The Ghost's Child by Sonya Hartnett
|The Ghost's Child by Sonya Hartnett|
|Reviewer: Jill Murphy|
|Summary: A beautiful and troubling fable about the search for love. It's as difficult to categorise as Hartnett's work always is, but it will appeal most to keen and sensitive readers, no matter what their age.|
|Buy? Yes||Borrow? Yes|
|Pages: 192||Date: May 2008|
|Publisher: Walker Books|
What is the most beautiful thing in the world?
Do you know? Is there a most beautiful thing? Or does everyone have their own most beautiful thing? This is the question Maddy's father asks her, and he take her on a trip around the world's most fabulous places before she gives her answer. Years later, long after her father has died and when Maddy is an old lady, she comes home from walking her dog to find a strange young boy sitting on her sofa. And as Maddy begins to tell him the story of her life, her true answer is gradually revealed.
But what we really want to know is the identity of the boy. And for that, we must wait until the very last page.
Left field as ever, Sonya Hartnett uses fable motifs in this startlingly unusual book. And as ever, it's difficult to pin her down. The Ghost's Child is about an old lady looking back on a doomed love affair on the surface, but underneath it's all about the search for beauty, meaning and fulfilment. Maddy's love for Feather, a boy she met on the beach, was intense and overpowering. But it was also a chain around her neck. Feather needed more. He had an unquenchable desire that he couldn't share, and their love was a fleeting thing. When it was over, Maddy couldn't let go.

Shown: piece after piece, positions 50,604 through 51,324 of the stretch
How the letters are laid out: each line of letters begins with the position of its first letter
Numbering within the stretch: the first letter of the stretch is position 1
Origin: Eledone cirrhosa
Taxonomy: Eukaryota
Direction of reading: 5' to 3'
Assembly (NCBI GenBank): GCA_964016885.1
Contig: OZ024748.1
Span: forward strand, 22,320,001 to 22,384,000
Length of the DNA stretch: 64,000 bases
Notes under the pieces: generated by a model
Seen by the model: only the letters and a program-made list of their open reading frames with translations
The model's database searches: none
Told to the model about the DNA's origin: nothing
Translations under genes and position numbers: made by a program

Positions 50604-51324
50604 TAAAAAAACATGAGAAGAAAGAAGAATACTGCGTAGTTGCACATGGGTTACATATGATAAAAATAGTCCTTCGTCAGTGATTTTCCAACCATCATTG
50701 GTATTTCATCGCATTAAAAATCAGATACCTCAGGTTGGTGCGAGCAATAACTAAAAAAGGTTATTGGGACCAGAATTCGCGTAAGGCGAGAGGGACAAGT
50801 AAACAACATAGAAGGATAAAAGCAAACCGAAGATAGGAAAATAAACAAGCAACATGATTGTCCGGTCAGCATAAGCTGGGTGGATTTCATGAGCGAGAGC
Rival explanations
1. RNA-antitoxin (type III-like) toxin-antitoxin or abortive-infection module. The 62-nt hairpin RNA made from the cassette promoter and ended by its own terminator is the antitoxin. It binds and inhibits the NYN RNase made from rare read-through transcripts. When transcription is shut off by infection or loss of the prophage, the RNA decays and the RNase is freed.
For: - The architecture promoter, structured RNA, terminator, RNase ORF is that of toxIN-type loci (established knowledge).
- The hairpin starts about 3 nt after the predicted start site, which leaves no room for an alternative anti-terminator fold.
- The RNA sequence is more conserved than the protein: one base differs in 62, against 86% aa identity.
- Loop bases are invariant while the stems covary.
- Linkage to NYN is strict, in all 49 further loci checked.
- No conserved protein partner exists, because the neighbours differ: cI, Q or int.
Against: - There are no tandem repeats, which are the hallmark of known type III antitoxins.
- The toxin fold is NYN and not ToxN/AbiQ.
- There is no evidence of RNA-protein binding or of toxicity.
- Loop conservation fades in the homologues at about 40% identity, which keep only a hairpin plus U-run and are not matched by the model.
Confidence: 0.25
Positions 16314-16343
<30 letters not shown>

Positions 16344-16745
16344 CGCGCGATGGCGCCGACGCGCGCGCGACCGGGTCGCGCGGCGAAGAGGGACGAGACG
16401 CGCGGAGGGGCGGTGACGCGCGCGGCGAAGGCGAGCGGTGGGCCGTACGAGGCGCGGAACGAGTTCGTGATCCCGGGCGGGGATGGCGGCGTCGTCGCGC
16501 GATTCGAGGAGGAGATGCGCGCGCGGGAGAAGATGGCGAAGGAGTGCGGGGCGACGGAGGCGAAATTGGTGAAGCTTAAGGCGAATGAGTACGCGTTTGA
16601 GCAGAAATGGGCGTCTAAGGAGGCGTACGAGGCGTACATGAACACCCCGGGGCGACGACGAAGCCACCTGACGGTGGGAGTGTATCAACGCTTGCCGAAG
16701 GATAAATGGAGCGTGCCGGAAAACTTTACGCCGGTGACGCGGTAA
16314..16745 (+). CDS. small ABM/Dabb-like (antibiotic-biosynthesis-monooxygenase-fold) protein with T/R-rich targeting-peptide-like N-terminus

And her loss defined her life. We follow her in fairy tale territory, talking to the West Wind and visiting enchanted islands. But we can recognise the emotional landscape, which is universal and common to every human being. It's poetic, full of dense and complex imagery and it feels meditative. Hartnett defies convention and this book offers something to everyone - we find it on the young adult shelves and it appeals to the romanticism of teenagers, but any adult who has loved and lost will find a great deal of meaning.
I haven't said a great deal - but what else is there to say? We all understand Maddy's search. We all search ourselves. And The Ghost's Child is a beautiful expression of that search. So read it.
My thanks to the nice people at Walker for sending the book.
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